Although on the national level their union sometimes engaged in coalitional politics, on the ground in Baltimore, local AFSCME leaders largely confined themselves to addressing the bread-and-butter concerns of their members and potential members. The union’s influence in city hall was increasing during the mid-1960s, but it was hardly secure, with growth and eventually union recognition top priorities. Local AFSCME leaders did not consistently seek common cause with public-service recipients or connect claims for higher wages with demands for improved government services. Instead, they considered their efforts on behalf of low-wage workers a critical component of the larger struggle for racial and economic justice. In 1965, for example, Crofoot denounced the city for paying male custodial workers in the public schools between $2,628 and $3,336 and female custodial workers between $2,052 to $2,628 per year. The Johnson administration had recently declared $3,000 the national poverty level. Full-time municipal employment should at the very least raise workers out of poverty.21

Unlike those affiliated with AFSCME, the leadership and members of organizations representing Baltimore’s public-school teachers overtly linked their demands for better working conditions with efforts to improve the quality of the services they provided. Despite their lack of official recognition from the city, like other organizations representing municipal employees, the Baltimore Teachers Union (BTU) and the Public School Teachers Association (PSTA) had long advocated on behalf of their members. During the 1960s, they also engaged in activism to improve urban education, and they called for increased local and state spending on public schools. To be sure, teachers had a vested interest in working for a well-resourced school district. Nonetheless, their concerns about the impacts of the city’s shrinking tax base and mounting urban problems on the quality of the public education in the city were more than self-serving. Members of the two groups, who were relentlessly at odds with one another over their divergent approaches to labor relations, fought to ensure that young people in Baltimore had access to educational opportunities of the same quality as children elsewhere.22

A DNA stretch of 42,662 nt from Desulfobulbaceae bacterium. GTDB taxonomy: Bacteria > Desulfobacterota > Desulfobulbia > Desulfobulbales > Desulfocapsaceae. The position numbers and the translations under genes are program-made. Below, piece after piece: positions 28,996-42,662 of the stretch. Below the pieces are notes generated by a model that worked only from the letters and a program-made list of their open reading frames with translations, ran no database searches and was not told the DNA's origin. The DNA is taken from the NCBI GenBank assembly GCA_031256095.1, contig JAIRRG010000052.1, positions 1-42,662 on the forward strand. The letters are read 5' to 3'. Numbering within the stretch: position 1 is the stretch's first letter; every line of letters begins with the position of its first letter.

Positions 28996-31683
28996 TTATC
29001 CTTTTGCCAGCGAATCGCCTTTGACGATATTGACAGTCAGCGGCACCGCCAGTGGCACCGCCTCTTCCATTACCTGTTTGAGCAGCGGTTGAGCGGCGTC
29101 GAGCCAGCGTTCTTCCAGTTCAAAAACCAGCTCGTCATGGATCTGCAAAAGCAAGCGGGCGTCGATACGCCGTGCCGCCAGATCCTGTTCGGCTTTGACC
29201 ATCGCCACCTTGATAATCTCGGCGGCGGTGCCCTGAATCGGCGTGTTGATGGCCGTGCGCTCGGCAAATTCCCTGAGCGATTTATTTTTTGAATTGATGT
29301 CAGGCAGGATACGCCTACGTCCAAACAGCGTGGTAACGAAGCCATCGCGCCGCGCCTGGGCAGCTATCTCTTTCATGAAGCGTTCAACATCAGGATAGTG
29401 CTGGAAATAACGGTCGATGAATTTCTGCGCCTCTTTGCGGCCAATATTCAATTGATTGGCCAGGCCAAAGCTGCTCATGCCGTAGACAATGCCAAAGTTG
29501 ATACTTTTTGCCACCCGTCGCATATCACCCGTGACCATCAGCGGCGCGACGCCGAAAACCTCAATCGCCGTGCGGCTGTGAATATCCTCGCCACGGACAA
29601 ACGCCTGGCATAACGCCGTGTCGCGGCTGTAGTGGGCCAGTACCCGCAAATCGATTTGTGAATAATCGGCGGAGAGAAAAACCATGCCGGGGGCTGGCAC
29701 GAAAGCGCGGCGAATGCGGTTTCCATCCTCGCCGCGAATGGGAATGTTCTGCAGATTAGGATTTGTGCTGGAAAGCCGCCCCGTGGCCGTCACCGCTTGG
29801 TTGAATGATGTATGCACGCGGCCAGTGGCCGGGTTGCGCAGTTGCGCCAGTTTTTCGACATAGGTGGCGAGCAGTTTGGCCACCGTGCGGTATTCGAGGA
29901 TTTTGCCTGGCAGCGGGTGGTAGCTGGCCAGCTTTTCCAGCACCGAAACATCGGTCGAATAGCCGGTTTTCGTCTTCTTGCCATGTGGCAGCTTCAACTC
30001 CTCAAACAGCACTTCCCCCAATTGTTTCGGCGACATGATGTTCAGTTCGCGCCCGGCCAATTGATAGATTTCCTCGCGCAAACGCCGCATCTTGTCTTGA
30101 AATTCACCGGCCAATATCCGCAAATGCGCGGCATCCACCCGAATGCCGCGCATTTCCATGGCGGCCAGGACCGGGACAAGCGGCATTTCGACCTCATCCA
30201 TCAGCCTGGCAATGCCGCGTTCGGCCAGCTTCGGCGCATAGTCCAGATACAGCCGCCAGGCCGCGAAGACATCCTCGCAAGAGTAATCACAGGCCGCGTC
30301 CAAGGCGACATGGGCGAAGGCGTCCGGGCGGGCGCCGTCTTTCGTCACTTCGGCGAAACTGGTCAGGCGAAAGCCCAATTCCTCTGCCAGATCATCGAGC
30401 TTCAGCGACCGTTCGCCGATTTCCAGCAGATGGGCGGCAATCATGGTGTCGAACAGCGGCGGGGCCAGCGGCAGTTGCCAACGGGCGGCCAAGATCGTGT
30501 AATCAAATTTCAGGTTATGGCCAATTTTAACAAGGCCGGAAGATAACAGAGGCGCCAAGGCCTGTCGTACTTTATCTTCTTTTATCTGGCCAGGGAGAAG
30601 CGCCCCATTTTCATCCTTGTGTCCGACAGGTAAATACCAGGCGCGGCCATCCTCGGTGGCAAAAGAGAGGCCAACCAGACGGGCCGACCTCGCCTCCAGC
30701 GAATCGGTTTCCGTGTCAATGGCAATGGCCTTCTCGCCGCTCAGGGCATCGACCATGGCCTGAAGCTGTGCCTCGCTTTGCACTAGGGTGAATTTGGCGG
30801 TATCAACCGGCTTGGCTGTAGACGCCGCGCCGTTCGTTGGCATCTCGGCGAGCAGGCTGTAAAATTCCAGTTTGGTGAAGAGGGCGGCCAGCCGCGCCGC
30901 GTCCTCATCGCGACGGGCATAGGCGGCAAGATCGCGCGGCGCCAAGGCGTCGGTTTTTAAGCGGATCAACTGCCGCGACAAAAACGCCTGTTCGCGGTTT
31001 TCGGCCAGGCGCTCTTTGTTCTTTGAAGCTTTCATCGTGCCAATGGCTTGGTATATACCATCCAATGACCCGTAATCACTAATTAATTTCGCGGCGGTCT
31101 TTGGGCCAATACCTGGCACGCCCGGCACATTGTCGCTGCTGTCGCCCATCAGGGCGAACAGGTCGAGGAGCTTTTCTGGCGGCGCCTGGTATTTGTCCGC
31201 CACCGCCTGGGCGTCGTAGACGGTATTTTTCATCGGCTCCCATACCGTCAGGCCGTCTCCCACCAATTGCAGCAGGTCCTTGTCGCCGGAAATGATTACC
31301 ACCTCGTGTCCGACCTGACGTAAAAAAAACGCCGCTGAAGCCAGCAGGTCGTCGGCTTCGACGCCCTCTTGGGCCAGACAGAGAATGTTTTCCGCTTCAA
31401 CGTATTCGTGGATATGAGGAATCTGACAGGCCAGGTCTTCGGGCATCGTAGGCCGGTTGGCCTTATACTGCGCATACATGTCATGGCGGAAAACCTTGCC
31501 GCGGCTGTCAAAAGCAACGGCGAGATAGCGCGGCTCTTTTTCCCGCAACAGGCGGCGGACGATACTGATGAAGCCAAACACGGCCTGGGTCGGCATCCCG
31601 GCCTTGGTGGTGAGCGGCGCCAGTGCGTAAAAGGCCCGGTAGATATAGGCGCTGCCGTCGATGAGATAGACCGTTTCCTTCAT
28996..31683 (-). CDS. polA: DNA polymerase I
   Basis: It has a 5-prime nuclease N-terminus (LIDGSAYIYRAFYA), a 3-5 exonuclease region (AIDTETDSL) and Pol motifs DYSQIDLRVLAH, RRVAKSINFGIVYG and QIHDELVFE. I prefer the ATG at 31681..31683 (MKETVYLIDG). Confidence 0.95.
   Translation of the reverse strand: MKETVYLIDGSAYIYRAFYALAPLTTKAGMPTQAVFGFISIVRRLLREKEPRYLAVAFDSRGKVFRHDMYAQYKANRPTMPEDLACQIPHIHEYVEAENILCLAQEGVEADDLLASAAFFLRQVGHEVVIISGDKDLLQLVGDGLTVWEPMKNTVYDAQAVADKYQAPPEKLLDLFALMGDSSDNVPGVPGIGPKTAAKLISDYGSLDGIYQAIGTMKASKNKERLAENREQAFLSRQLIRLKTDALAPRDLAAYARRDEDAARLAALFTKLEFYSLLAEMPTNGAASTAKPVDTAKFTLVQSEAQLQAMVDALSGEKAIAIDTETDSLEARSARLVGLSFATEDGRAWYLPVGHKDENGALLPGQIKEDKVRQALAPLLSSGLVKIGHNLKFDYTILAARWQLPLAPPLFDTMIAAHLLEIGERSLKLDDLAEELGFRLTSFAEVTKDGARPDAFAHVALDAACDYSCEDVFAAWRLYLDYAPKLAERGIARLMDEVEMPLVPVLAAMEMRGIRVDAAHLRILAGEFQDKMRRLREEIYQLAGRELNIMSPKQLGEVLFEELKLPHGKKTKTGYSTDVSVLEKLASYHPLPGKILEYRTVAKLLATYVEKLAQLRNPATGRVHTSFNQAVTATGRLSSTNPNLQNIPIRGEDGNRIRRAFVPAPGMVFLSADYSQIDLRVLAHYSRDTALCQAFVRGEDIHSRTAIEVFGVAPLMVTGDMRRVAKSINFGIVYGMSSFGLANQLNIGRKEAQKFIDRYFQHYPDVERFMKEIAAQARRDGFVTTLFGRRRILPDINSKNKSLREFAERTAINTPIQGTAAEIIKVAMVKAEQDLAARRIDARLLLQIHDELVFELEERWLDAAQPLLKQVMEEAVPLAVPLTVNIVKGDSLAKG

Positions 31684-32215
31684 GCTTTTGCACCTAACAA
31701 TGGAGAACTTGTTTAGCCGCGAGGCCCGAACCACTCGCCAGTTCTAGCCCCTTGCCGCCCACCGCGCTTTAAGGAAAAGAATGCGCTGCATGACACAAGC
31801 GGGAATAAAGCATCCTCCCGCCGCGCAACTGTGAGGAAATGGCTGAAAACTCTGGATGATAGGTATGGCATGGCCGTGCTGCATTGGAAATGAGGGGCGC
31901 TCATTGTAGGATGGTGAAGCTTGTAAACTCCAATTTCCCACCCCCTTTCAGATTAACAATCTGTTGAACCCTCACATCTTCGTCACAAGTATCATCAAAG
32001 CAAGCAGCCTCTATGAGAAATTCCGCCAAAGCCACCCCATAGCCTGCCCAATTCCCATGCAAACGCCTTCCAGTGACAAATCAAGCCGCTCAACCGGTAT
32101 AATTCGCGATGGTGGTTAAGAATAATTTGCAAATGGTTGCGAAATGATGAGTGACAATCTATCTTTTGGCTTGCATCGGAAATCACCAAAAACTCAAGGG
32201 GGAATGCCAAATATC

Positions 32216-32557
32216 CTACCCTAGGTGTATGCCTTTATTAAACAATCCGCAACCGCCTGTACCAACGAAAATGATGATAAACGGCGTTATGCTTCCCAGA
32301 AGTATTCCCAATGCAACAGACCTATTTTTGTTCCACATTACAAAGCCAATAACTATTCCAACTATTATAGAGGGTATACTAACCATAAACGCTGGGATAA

Members of the BTU which was affiliated with the American Federation of Teachers (AFT), and PSTA, which was affiliated with the National Education Association (NEA), pursued different strategies in their efforts to improve local schools. Their divergent tactics—and the rivalry between them—mirrored the tense relationship between their national-level parent organizations. BTU attracted a disproportionately male membership and a large number of high school teachers. The union tended to adopt the confrontational stance of the AFT and advocated for policy changes intended to combat urban poverty and empower and engage African American students. To compensate for funding mechanisms detrimental to children from Baltimore and other relatively poor districts in Maryland, BTU officials demanded that the state legislature use subsidies to equalize spending across jurisdictions. BTU also championed the community schools model that the city ultimately did in part adopt.23

The union’s concern with African American students and history reflected not only the concerns of both the local membership and AFT, which had a long history of fighting racism and segregation, but also the expertise of Dennis Crosby, who became the president of BTU in the mid-1960s. Crosby, an African American high school teacher, was a member of CORE and had served as the chair of that organization’s education committee. Under his leadership, BTU partnered with CORE and ran a Freedom School during the summer of 1966. The staff of the school sponsored discussions on racial justice and taught Black history. AFT previously had sent volunteer teachers to Freedom Schools in Virginia, Mississippi, and elsewhere in the South. In Baltimore, until 1964 a Jim Crow city, BTU members could simply commute from home to address the deficiencies of an education system inadequately concerned with the interests of Black children.24